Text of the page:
Generating Phase Images with the nGauge AFM
An atomic force microscope (AFM) uses a tiny probe tip to scan across the surface of a sample and generates a 3-d representation of the surface topography. Another type of image, the phase image, can also be generated when the AFM is operated in tapping mode. Tapping mode is a non-contact mode where the cantilever oscillates above the sample surface. The nGauge AFM operates in tapping mode.
In this blog post, we’re going to discuss:
What is the phase or phase shift of the signal
What phase images are and how they are generated
How phase images can be used in research, teaching and industrial applications
The most common mode of operation for AFM is in tapping mode, where the cantilever is driven to oscillate near its resonant frequency so that it ‘taps’ the sample surface.
In tapping mode, the feedback signal to the controller is the oscillation amplitude of the tip: as the tip approaches a raised part or bump in the sample, it has less room to oscillate, and the amplitude decreases. In response to the change in amplitude, the controller moves the tip up so that the amplitude goes back to the set-point.
Along with the amplitude, the frequency of the signal is also measured. The frequency of the signal is usually reported in relation to the driving frequency, which is the ‘phase’ or ‘phase shift’ of the signal.
We know that the amplitude generates the topography image, what kind of information does the phase image give us?
The phase depends on the interaction between the tip and surface. Depending on the properties of the surface, such as adhesive, stiffness or frictional properties, the interaction between the tip and surface will cause the frequency of oscillation to change.
To illustrate this point, let’s imagine a surface that is made up of two different components (blue and red) and that the surface is perfectly flat: this means that there is no change in topography between the blue and red components and the amplitude remains completely constant throughout the scan.
However, the blue and red components possess different mechanical properties. For example, imagine that the red material has stronger adhesive properties than the blue material, which causes the tip-surface interaction to be different. That’s why that although the signal’s amplitude remains constant, the phase does change.
Regions with different properties can be distinguished using the contrast of the phase image. Since the topography image and the phase image are generated at the same time, analysis of both images side by side can reveal information that might be hidden from just the topography image alone.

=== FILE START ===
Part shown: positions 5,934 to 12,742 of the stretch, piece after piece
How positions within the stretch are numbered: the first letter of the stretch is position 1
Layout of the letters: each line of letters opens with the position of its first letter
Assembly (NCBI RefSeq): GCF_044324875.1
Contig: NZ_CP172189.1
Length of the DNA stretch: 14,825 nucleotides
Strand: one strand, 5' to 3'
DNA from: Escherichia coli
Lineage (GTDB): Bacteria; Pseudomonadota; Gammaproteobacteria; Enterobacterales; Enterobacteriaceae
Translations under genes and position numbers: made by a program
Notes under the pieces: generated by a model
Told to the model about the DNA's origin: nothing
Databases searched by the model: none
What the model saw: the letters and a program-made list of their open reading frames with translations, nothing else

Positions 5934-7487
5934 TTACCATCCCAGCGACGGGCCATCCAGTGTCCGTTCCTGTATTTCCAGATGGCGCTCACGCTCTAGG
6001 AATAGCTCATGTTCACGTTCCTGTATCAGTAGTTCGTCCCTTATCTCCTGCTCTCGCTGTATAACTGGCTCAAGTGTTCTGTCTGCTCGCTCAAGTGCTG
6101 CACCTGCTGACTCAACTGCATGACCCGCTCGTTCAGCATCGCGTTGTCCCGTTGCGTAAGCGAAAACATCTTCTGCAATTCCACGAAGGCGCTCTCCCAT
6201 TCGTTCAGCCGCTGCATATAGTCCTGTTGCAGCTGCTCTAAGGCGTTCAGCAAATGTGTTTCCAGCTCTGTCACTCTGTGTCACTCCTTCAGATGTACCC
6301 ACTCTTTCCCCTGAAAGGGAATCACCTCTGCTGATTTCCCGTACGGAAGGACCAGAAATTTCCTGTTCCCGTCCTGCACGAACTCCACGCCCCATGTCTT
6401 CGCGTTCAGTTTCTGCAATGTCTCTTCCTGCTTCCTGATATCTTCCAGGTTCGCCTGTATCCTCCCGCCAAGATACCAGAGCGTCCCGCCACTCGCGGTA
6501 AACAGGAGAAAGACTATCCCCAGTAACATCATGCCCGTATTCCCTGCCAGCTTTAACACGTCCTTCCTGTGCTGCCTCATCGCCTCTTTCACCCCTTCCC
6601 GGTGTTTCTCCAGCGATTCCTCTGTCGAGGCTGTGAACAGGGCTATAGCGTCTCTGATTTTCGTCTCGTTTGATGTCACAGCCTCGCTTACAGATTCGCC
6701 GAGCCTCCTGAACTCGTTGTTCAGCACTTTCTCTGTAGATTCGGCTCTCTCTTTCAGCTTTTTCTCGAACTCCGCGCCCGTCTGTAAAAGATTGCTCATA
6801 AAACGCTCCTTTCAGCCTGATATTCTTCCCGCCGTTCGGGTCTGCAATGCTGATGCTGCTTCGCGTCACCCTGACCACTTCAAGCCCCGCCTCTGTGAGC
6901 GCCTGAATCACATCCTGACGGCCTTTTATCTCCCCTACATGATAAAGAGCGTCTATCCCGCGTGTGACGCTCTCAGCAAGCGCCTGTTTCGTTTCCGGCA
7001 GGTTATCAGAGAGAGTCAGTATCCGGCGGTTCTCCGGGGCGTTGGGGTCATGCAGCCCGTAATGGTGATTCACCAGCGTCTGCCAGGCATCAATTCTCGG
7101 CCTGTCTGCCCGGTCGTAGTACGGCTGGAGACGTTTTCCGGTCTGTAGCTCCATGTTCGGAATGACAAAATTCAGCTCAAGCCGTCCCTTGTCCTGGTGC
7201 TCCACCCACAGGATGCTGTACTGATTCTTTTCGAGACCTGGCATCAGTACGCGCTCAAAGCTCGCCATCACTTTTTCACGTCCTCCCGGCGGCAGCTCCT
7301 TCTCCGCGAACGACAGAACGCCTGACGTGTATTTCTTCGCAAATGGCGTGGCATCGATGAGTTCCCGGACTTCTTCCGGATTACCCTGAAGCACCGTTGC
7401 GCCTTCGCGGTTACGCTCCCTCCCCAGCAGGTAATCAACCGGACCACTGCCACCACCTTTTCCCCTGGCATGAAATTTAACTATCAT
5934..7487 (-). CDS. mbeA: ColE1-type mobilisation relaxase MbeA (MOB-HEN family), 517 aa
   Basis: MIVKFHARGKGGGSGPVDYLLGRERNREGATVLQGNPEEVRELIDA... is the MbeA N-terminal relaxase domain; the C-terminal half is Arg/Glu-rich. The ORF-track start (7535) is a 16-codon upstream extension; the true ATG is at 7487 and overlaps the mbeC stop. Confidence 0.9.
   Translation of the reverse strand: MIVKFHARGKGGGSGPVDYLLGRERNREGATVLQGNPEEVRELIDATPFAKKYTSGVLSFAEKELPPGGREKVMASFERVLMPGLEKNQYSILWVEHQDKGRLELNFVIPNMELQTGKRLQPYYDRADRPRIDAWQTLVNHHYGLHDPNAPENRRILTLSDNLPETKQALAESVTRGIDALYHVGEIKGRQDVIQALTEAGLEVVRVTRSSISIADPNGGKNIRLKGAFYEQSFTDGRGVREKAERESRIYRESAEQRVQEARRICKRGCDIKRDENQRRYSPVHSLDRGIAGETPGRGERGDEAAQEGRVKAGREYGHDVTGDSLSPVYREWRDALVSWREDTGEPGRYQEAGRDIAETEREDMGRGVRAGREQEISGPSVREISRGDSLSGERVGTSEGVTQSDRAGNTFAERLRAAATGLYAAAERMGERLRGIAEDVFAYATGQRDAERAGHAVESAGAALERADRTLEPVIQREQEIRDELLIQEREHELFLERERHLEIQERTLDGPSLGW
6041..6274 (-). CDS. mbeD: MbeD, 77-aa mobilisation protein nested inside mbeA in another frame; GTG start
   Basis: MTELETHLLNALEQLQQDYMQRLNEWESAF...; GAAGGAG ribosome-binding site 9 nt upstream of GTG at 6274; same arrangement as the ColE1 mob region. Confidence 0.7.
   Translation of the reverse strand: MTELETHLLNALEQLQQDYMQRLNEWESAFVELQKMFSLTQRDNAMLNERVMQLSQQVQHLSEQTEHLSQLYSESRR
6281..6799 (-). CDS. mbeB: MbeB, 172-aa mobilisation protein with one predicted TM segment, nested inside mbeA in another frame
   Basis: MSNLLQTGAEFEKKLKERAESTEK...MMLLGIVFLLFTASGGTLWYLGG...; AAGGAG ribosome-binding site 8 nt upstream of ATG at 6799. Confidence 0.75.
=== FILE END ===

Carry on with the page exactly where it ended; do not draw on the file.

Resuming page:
Below is an example of the topography (left) and phase (right) images of a silica-polymer composite. On the left, you can see a few particles that are protruding from the surface. They are bright in the topography image because they are the tallest features. It’s unclear what the structure or morphology is of the rest of the image. The phase image on the right makes it clear which areas are silica: the dark areas represent regions with a low phase shift (around -50°). The light areas possess a much higher phase shift (around 30°) and they represent the polymer matrix. This is because the silica particles possess very different properties compared to the polymer matrix.
Phase images can be used to identify which regions possess different properties, such as adhesive, viscoelastic, stiffness or frictional, which might be hidden in the topography image.
There are many applications of phase images. For example, they can be used to identify regions of contamination, different components in composites (like the example above) or in copolymers, as well as antibodies on gold electrodes, or artifact detection like dust.
The phase shift also depends on the contact area between the tip and the sample. If the sample is perfectly flat and uniform, there won't be much change in phase, but the phase will be slightly different along the edges of features because of the slope (a greater slope results in less contact area between the tip and surface).
To illustrate this, below are the topography and phase images of a DVD. The DVD is composed of the same material throughout the entire scan so we don’t expect a change in phase as the material properties should be the same. The phase image does show a slight difference in the phase along the edges of the pits (around 113° instead of 108°), because of the reduced contact area between the tip and the sample. The phase looks to be about the same value inside the pits as it is outside of the pits because the tip-sample contact area is about the same.
Differences in a phase image often shows some kind of boundary: a material boundary, a grain boundary, or the edge of a particle, among many other possibilities.
Phase images can give information that might be hidden in a topographic image, but because there are so many factors affecting the phase, information from a phase image is often qualitative and not quantitative.
Interested in learning if your samples reveal a difference in phase? Contact us and we’d be happy to discuss your application.